Contesting the spaces of the automobile : the politics of mobility and the sprawl debate in Atlanta, Georgia
Henderson, Jason Mark
MetadataShow full item record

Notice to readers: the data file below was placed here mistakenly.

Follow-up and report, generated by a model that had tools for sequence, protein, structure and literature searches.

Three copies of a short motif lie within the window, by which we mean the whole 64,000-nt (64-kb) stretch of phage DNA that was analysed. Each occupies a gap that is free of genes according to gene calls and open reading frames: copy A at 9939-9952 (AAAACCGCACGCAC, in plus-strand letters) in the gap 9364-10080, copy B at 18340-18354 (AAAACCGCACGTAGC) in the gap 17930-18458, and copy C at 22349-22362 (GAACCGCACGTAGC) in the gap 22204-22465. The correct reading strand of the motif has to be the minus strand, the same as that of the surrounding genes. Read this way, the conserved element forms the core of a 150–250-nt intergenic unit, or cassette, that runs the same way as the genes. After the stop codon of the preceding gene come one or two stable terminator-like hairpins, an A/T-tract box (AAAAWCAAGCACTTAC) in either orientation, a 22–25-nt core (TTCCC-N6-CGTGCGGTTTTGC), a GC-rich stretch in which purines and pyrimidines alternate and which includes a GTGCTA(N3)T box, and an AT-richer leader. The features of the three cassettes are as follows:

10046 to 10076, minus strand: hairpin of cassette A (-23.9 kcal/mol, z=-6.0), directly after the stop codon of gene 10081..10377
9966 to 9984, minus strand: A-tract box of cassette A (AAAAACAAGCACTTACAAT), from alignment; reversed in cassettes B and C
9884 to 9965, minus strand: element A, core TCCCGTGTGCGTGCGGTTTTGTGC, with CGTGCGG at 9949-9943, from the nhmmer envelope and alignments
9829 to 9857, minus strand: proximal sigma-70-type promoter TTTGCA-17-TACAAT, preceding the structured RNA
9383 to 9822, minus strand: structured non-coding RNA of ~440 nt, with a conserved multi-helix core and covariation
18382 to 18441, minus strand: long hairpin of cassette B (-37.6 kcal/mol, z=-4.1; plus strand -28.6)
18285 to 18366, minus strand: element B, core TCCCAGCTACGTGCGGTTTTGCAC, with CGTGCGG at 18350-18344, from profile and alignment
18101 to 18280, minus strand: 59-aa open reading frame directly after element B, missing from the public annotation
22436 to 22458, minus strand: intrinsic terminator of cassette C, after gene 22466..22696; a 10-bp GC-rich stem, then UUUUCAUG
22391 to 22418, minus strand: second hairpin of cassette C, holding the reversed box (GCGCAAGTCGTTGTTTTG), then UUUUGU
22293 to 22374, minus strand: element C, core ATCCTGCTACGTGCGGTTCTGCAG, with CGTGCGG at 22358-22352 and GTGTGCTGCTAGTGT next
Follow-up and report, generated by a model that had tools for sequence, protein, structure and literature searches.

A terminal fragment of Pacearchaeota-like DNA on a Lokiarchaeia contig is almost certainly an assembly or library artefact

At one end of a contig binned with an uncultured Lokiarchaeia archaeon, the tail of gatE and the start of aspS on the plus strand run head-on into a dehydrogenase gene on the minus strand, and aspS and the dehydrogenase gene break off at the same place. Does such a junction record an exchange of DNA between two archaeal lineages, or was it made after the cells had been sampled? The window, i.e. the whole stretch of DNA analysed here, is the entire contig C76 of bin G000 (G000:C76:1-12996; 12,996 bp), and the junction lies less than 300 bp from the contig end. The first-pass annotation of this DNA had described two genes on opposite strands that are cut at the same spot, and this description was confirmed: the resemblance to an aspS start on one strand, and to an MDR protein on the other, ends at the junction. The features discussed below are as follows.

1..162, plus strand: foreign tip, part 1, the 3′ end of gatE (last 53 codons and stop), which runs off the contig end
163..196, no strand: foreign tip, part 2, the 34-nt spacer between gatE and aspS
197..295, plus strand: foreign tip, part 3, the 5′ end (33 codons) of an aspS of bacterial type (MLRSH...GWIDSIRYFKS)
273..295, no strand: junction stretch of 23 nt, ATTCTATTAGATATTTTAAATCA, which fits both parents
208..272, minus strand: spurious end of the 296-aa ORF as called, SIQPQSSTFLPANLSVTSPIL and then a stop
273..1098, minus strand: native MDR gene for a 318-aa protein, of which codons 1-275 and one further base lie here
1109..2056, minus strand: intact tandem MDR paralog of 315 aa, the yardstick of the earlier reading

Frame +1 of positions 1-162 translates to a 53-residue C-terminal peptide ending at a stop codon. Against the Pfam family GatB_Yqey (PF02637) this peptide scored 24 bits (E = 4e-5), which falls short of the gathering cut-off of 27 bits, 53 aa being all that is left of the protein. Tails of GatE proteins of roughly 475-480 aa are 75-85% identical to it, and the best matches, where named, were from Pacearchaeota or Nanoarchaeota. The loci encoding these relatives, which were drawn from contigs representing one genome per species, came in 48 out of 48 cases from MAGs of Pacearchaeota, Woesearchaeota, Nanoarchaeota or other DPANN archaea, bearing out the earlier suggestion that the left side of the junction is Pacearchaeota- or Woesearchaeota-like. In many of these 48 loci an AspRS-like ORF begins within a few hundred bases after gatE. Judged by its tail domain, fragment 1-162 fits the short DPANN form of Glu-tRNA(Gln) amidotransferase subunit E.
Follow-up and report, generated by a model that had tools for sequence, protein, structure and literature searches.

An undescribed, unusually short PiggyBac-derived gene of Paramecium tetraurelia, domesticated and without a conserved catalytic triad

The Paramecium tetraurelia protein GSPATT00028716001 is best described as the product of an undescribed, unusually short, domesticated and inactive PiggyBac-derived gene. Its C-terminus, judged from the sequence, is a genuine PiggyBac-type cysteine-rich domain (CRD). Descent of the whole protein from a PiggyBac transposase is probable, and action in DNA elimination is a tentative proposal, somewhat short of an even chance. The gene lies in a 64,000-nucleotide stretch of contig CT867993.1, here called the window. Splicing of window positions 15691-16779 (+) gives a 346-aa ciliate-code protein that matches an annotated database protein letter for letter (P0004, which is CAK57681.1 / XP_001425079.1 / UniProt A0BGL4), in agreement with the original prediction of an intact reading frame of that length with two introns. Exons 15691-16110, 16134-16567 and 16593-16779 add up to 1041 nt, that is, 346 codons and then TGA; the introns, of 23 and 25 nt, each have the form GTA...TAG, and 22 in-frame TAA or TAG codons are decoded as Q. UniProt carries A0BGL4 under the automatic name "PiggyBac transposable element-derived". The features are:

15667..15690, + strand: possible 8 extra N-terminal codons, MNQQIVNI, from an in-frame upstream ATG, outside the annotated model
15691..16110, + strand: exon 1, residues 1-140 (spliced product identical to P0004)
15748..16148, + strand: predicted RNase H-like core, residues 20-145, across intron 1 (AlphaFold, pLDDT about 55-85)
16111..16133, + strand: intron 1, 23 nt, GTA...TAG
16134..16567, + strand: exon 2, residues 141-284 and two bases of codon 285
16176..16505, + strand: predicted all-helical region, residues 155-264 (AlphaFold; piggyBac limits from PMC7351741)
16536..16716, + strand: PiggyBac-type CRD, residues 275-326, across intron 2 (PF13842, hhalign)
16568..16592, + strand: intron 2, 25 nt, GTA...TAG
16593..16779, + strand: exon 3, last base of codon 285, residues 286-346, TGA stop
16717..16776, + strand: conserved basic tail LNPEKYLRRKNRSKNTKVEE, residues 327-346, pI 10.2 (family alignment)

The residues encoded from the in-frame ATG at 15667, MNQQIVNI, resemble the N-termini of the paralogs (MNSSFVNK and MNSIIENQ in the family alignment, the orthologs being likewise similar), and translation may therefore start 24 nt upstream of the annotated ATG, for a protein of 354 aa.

Atlanta has become a focal point in the national political debate over sprawl and how American cities should grow. At the center of this debate is the automobile. In this research I explore how discourses about sprawl and transportation policy have been constructed and contested in Atlanta, who has engaged in this process, and how such a discourse has shaped the urban landscape. I argue that to grasp fully the implications of the sprawl debate and the competing visions that undergird it, mobility and how mobility relates to spatial configuration must be understood. The automobile requires a certain kind of spatial organization, one that is incongruent with other forms of mobility when it fully dominates everyday life. To contest sprawl, then, is to also contest the automobile politically. Seeking to contest sprawl means questioning the inevitability of a "car culture" and unpacking the values and ideologies which structure different conceptualizations of mobility and how space should be configured. This means that struggles over urban space and how cities should grow are more than simply place-based conflicts such as central city versus suburb or older suburb versus newer suburb. Struggles over urban space are also about how that space should be configured and arranged, and certain configurations and arrangements include certain mobilities. These configurations of space also represent certain values and ideologies about how cities should grow. Consequently, through an examination of various actors' mobility visions and how they are contested to produce urban space, this dissertation seeks to inform the wider sprawl debate.